2. Purpose: No one knows what they are trying to achieve or why and there is no wiifm (what’s in it for me) for key users.
  3. Resources: Not enough time or the right people are not involved to do what it takes to achieve success.
  4. Attention: So many competing tools and areas of work compete for attention. This leads to a lack of focus.

One to to highlight because it’s so pernicious is: it’s the vendors responsibility.

It may be the raison d’être of a customer success manager. Yet there is no way ultimate responsibility for customers success can fall in his or her hands. There are many reasons for this but most of all it’s because the CSM is not part of the organisation. It’s why I think you cannot outsource success, to answer my main question.

It doesn’t matter how integrated a CSM becomes in the customer’s business nor how good the program is. The customer has to commit and take full responsibility for the best chances of success.

#customer-success, #strategy

Round up of latest #innerventures trends

It’s been a while since I updated on trends in this space so quite a few to add.

You can see other updates like this by checking out posts with the #innerventuresupdate tag as well as the original posts I curated under the #research tag which I then used in the InnerVentures trend report that you can find here: Trend Reports

Digital Marketing Innovation Framework

digital marketing innovation framework

This post is in the Sense Making category for good reason. I’ve tried before to look at this space – check this LinkedIn post: Marketing Technology Solutions and the Digital Transformation Challenge.

Unlike the article before, this attempt really has me stepping back and trying to form a view without too much influence from outside perspectives. I wanted to plot a landscape or framework as I’ve called it, within which digital, innovation and marketing coincide. I started with a diagram and this one has been iterated several times. I’ll go on to explain some of the main elements in a moment.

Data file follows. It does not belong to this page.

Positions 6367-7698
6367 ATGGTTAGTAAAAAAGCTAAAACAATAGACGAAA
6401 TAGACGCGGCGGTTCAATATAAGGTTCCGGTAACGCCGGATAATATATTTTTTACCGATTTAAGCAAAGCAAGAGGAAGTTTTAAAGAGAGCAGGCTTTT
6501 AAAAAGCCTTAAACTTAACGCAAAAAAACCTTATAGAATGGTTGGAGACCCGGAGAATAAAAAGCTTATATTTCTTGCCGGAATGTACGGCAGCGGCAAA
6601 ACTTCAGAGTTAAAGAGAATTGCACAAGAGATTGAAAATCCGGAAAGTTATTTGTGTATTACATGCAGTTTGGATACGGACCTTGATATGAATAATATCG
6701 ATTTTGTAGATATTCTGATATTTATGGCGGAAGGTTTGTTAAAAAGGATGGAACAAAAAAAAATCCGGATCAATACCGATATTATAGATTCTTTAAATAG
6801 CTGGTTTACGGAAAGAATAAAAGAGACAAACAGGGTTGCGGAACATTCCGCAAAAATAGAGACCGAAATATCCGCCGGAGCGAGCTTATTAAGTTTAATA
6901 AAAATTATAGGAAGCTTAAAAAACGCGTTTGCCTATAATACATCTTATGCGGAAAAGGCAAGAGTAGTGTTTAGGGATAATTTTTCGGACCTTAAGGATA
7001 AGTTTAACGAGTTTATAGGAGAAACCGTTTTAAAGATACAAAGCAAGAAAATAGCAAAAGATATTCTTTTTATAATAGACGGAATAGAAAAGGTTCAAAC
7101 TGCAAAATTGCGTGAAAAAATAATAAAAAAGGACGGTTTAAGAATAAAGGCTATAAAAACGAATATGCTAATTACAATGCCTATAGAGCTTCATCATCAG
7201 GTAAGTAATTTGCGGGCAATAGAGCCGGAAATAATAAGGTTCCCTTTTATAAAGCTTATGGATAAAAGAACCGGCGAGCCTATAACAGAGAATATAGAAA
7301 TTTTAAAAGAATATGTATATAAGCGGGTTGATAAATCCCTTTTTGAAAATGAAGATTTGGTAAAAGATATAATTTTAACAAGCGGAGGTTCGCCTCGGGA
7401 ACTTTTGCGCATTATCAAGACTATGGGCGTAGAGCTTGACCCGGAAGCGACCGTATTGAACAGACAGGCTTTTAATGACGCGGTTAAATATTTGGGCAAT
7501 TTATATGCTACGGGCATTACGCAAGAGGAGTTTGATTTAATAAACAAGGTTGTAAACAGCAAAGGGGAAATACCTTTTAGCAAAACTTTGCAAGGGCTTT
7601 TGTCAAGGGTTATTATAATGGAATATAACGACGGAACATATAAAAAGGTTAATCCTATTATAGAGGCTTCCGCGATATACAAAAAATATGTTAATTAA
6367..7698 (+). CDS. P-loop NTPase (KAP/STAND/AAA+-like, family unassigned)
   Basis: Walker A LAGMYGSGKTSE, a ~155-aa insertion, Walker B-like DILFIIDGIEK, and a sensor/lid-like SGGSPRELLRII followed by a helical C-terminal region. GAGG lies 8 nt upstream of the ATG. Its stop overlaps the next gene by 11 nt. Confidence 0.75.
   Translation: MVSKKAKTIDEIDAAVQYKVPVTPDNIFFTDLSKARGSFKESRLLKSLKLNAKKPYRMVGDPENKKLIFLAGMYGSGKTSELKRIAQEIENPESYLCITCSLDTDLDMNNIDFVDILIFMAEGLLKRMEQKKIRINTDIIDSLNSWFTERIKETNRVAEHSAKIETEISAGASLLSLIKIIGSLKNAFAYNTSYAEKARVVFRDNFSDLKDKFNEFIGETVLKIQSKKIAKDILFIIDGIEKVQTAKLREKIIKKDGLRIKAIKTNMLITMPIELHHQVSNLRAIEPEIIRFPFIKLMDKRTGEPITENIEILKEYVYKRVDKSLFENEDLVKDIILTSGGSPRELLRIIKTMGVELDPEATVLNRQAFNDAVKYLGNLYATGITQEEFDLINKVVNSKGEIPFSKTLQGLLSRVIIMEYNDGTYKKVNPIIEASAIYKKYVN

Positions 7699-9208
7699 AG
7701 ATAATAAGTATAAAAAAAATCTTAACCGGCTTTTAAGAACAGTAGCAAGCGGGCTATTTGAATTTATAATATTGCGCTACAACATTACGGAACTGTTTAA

First to also just add that I’m doing this as a precursor to my new job at Percolate which I start in August and to serve as a baseline (hence the Version 1 under the heading in the diagram). I expect to be learning a whole bunch of new things and want to go into the new job with an unadulterated view. After a few months, I’ll come back and revisit this to see if it makes sense and may revise it further based on my insights in the interim.

So without further ado, here is a breakdown of some of the main elements of the framework, in brief:

Employees and Customers

These are in my view the two largest constituent stakeholder groups. The only distinction to make as I have is where the two overlap. I’ve specified (in brackets) that these are advocates – a pretty normal label. The point to add perhaps is that on the employee side it’s not just anyone. There is probably some degree of training or professional qualification. In contrast, on the customer side, those that engage probably do so not by virtue of any degree of qualification. At least on the conversation front. Customers that engage in conversation about brands likely do it out of passion.

Conversations and Commerce

I’m not sure these are the only two categories of interaction these two subgroups engage in but they are probably the most important. They’ve even been combined in a hip new trend amongst consumers which I discovered in researching this post I wrote about on chatops. Chris Messina coined the term conversational commerce to describe the way consumers interact not so much with employees but with bots within messaging apps when transacting with services. That is probably an entirely separate train of enquiry.